Ireland is known for varied landscape, rocky mountains, rugged cliffs, lush greenery, and panoramic views. An island with 27,136 square miles, it lies directly west of Britain across the Irish Sea. Carrantuohill, standing at 3,414 feet, is the highest peak on this island, while the longest river is the River Shannon. Two of the largest lakes are the Lough Neagh in Northern Ireland and Lough Ree in the Republic of Ireland.

Some of its largest cities include Dublin, Belfast, Cork, Limerick, Derry, Lisburn, Galway, Newtownabbey, Bangor, Craigavon, Castlereagh, and Waterford City. Among these, Dublin is the most populated with 1,030,431 inhabitants.

History

In the early years of Irish history, the first inhabitants of the islands were hunters and gatherers who lived in coastal areas and waterways around 8000 and 7000 BC. The Celts migrated to the Island during the period of 1000 to 300 BC. They had a strong influence and control in Europe at that time. In AD 432, St. Patrick established the first Roman Catholic Church on the Island.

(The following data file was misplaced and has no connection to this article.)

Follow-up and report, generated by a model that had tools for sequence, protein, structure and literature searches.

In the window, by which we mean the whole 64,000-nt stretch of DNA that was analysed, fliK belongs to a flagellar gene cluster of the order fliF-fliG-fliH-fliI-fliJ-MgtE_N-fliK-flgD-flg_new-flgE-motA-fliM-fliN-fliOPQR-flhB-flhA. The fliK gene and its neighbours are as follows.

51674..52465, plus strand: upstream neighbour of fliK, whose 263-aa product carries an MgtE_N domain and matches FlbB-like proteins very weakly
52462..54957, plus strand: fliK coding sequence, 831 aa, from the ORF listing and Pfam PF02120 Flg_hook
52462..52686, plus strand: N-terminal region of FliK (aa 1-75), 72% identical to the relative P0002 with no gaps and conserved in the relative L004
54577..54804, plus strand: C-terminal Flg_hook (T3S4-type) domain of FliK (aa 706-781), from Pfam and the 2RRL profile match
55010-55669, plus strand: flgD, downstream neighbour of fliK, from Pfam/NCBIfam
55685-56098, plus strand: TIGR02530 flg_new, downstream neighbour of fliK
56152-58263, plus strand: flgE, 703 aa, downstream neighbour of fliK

The Viking Norsemen attacked Dublin around 800 A.D. and they settled in Waterford, Dublin and Limerick around the 900s. In AD 940, Brian Boru was born, and he grew up to defeat the Vikings. He became the king of Ireland.

English influence arrived in Ireland in 1167 when the Normans from England settled on this island. The Scottish failed in its attempt to overthrow Norman rule in Ireland in the 1200s to the early 1300s. Around the 1400s, Henry VII placed Ireland under the English law.

His successor, Henry VIII took control of the island, overthrew the Norman Irish Earls of Kildare and became King of Ireland in 1541. In the 1600s, Protestant religion spread all over Ireland. Rebellions that occurred for nine years were concluded in 1601 when the English defeated the rebels.